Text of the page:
When we think about dispute resolution, our minds often turn towards court action. However, disputes need not be adversarial, and relations between parties need not become irrevocably damaged. It may be possible, through careful discussion, to negotiate an agreement which satisfies both parties.

When entering negotiations, it is important to focus on the matter in dispute, rather than the parties in disagreement. By doing this, you are more likely to maintain a positive relationship with your counterparty. Personal attacks are likely to antagonise and, in many cases make parties less likely to accept a solution, no matter how sensible.

Try to understand the interests of your counterparty and why they want to achieve a particular outcome. A well-worn example of the importance of this is the tale of two children fighting over the last orange. Rather than the orange being split between the two children, each child was asked why she wanted the orange. It transpired that one wanted the fruit to make orange juice, while the other required the orange peel for baking. In a negotiation where parties have a greater understanding of the overall picture, mutually acceptable resolutions are more likely.

In attempting to reach a solution, think creatively. A satisfactory outcome to negotiation need not be black and white – it may not be a case of A being awarded £100 to the detriment and dissatisfaction of B. Consider a salary negotiation between employer and employee where the employer is constrained by a company policy preventing salary increases greater than 10% and the employee is seeking an increase of 20%. Rather than this being a winner/loser dynamic, parties could table a proposed 10% salary increase, together with improved company benefits for the employee with an equivalent value of 5% of their salary. Both parties leave the negotiations satisfied, without either feeling as though they have "lost".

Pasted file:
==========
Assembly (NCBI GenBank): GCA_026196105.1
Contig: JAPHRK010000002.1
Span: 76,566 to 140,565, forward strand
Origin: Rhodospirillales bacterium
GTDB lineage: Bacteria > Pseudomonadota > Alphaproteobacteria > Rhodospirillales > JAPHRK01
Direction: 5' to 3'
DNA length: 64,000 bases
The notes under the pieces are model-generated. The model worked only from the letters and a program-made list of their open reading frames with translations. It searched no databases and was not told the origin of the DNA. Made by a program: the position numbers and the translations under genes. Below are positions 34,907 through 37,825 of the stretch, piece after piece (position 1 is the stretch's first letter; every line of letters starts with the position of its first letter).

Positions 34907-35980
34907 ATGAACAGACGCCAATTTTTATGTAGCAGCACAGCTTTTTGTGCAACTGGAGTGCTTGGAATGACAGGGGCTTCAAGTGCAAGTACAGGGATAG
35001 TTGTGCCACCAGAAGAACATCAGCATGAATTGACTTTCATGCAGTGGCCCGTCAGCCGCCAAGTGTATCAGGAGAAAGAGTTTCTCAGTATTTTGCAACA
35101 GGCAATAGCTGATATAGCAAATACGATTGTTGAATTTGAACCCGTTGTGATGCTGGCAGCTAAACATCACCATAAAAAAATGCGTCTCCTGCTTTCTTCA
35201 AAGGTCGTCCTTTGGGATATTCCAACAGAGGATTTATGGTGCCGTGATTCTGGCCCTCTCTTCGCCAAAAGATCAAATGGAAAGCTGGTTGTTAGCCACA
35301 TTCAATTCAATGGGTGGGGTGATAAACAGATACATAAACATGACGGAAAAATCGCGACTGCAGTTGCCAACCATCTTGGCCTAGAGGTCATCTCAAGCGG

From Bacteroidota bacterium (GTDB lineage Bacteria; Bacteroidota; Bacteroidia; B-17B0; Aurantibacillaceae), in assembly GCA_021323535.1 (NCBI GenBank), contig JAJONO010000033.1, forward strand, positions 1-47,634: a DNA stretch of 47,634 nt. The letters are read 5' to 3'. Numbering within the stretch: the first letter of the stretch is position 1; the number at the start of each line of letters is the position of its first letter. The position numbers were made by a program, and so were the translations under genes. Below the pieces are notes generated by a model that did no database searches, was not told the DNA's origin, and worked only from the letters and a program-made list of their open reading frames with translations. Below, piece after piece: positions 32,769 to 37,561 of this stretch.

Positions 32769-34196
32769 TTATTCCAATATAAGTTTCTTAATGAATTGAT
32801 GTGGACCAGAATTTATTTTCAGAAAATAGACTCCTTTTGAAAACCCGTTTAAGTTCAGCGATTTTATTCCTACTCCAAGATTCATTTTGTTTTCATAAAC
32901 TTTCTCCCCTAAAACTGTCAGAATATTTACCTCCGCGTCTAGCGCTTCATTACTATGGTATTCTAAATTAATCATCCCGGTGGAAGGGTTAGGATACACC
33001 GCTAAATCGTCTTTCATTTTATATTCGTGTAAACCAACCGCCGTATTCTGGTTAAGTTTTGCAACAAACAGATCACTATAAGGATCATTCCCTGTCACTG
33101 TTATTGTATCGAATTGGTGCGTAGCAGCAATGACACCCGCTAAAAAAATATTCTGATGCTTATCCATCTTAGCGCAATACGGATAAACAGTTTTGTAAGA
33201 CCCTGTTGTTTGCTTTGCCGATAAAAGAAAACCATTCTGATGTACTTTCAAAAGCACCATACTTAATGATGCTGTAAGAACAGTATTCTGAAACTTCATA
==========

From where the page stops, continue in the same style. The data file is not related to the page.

Try to stick to objective criteria when considering proposals from your counterparty – for example, the market value of an item in dispute or legal precedent. It is far more difficult for a counterparty to challenge objective criteria and this forms a solid foundation for negotiations.

Finally, in any negotiation, the golden rule is to consider your best and worst alternatives to a negotiated outcome to allow you to properly evaluate any offer which is made. You should also consider the realistic alternative to a negotiated solution, for example one which is likely to be achieved through a formal dispute process.

Knowing your rights and obligations prior to commencing negotiations is imperative. Understanding which buttons to press and when is key to success.